Parsha BeShalach completes the narrative cycle that began with God’s prophecy to Abraham of the Egyptian Exile, the longest and most complex story arc in the Torah. As recorded in Parsha Lech Lecha: “Know with certainty that your offspring shall be sojourners in a land not their own they will enslave them, and they will oppress them four hundred years. And also the nation that will enslave, I shall judge…”. Abraham never expressed any curiosity about the purpose that would be served by this damnation of his descendents, nor was any reason ever proffered.
Parsha BeShalach also continues a narrative cycle, which had been in abeyance for some time. It too began with the promise that God had made to Abraham, which was also recorded In Parsha Lech Lecha. Then God assured Abraham that his progeny shall grow to into a great nation: “I will make thy seed as the dust of the earth; so that if a man can number the dust of the earth, then shall thy seed also be numbered”. The nexus of these two narratives found in the Parsha; one ends and the other begins.
The central narrative of Parsha BeShalach is the safe crossing by the Israelites of the Sea of Reeds and the corresponding destruction of Pharaoh’s cavalry by the hand of God. This was an encounter, which like all the others that are recorded in the first chapters of the Book of Exodus, had been carefully shaped and managed by God. He chose the time, place and the circumstances of the battle. In order to accomplish His goal, the final defeat of the Egyptians, God had purposefully led the Israelites in a meandering and somewhat circuitous route after they had left Egypt, such that they ended up with their backs against a body of water, the Sea of Reeds. Their vulnerability was calculated to lure the Egyptians, into an unseen trap.
God knew of course that Pharaoh could not resist the opportunity to reclaim his property, the former slaves, who had added greatly to the wealth of Egypt. God, told Moses: “Pharaoh will say of the Israelites, ‘they are astray in the land; the wilderness has closed in on them.” To ensure their misadventure, God once again acted to “harden Pharaoh’s heart”, as He had done nine times previously. In due course, as if on script, Pharaoh organized his heavy cavalry and eagerly took the road to the Sea of Reeds to take back that which was his. There, the might of Egypt would be obliterated by the hand of God. God confided in Moses that His destruction of the Egyptian forces would allow God and his reputation to; “gain glory through Pharaoh and all his hosts; and the Egyptians shall know that I am the Eternal”.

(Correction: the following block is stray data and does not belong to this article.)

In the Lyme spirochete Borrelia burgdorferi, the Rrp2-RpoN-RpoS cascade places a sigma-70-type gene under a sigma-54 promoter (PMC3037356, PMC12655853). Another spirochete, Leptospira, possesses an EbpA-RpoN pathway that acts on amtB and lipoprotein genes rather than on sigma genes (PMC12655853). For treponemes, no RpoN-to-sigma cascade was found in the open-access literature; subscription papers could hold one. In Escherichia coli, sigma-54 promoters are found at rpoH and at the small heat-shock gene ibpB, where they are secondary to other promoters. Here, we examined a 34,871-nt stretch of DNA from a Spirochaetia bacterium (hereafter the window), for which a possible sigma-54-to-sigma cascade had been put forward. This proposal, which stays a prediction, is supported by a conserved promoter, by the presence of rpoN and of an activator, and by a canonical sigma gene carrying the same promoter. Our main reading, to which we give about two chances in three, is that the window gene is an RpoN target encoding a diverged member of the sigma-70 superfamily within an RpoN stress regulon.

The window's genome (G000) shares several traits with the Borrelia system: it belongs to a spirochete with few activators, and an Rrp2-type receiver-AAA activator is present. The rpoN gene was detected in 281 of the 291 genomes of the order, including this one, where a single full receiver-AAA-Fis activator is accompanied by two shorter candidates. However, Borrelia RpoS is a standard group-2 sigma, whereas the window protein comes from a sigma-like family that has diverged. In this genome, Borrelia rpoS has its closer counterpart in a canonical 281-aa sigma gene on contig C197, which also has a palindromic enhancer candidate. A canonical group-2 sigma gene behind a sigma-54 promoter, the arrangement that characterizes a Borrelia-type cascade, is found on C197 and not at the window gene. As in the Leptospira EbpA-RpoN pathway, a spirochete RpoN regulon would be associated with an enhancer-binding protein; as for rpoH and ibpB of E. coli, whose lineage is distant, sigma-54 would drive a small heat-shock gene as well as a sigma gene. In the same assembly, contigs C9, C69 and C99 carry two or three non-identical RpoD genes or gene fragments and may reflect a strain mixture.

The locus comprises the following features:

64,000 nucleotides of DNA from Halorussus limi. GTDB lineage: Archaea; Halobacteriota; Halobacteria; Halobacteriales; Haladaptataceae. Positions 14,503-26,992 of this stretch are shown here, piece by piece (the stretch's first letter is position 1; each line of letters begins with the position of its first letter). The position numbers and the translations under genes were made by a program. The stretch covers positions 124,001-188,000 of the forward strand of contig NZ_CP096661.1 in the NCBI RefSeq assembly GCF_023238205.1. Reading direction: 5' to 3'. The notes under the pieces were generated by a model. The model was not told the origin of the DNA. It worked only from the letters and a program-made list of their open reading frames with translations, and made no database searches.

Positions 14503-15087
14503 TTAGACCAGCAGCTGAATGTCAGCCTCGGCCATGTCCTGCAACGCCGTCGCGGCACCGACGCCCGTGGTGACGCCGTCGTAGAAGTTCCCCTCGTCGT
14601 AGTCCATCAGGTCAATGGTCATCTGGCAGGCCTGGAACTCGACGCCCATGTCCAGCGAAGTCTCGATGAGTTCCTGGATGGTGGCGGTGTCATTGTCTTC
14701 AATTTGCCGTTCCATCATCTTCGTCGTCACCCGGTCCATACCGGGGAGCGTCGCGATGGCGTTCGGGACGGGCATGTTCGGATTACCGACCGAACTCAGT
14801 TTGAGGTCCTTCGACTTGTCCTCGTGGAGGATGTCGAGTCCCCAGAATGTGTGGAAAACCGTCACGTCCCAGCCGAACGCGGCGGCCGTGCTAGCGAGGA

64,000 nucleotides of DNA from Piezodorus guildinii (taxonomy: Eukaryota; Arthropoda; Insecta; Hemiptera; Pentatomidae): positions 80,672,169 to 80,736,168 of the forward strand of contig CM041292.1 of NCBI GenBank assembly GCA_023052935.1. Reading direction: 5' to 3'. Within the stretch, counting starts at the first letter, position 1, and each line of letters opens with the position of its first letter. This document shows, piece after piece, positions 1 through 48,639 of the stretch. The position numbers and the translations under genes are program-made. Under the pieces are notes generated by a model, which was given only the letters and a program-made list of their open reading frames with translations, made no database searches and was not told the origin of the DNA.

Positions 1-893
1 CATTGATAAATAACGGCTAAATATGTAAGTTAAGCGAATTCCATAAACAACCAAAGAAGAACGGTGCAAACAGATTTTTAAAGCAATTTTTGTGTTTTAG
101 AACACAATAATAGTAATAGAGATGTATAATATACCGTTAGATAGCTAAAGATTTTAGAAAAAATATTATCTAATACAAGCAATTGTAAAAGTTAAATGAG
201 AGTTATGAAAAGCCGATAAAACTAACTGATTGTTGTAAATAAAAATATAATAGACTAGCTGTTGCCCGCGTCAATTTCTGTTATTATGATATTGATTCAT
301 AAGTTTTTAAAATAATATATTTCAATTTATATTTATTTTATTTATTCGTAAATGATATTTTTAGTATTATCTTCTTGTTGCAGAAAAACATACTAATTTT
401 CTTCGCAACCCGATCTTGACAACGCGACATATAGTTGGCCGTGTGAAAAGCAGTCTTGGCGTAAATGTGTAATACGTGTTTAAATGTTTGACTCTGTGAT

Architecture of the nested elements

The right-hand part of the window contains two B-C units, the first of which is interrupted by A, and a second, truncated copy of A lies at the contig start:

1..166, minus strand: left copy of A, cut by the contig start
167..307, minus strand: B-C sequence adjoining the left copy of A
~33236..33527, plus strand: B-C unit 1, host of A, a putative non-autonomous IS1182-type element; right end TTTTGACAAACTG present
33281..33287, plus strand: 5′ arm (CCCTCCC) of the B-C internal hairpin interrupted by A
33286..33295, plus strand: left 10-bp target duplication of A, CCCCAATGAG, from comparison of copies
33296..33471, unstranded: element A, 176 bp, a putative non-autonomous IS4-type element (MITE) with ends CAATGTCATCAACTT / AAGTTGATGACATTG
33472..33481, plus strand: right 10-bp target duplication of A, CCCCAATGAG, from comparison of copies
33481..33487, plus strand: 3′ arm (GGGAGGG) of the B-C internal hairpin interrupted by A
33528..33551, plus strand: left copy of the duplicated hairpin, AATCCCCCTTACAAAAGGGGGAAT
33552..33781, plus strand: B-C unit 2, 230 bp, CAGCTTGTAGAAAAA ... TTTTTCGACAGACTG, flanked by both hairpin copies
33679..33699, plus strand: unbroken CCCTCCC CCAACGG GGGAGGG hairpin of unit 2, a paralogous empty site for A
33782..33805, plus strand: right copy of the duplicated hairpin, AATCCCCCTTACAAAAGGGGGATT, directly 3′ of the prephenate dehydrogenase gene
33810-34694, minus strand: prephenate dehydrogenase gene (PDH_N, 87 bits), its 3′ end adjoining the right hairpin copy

Until He confronted Pharaoh of Egypt over the fate of the hapless Israelites, God’s supremacy on earth had been known only to Abraham and his descendants. That presumably would change with news of the catastrophes that had befallen the Egyptians at the hand of God and on behalf of the Israelites. At first glance, it could appear that a purpose Egyptian Exile was to breed the necessary conditions that would enable God to become known, respected and feared by all the other nations of the world. But the narrative also betrays God’s collateral design. While the Egyptian Exile certainly served as a vehicle to bring glory to name of God it also served to bring strength and glory to the nascent nation of Israelites.
The Exodus from Egypt and the salvation at the Sea of Reeds would forever be marked as two of the most important events in the history of the Israelites, important parts of the nation’s founding tale, even until today are remembered daily part of Jewish liturgy. The God of their forefathers would henceforth be known to all as the God of Israel, the great and mightiest of all the gods, befitting for a people that would one day become a great and mighty nation.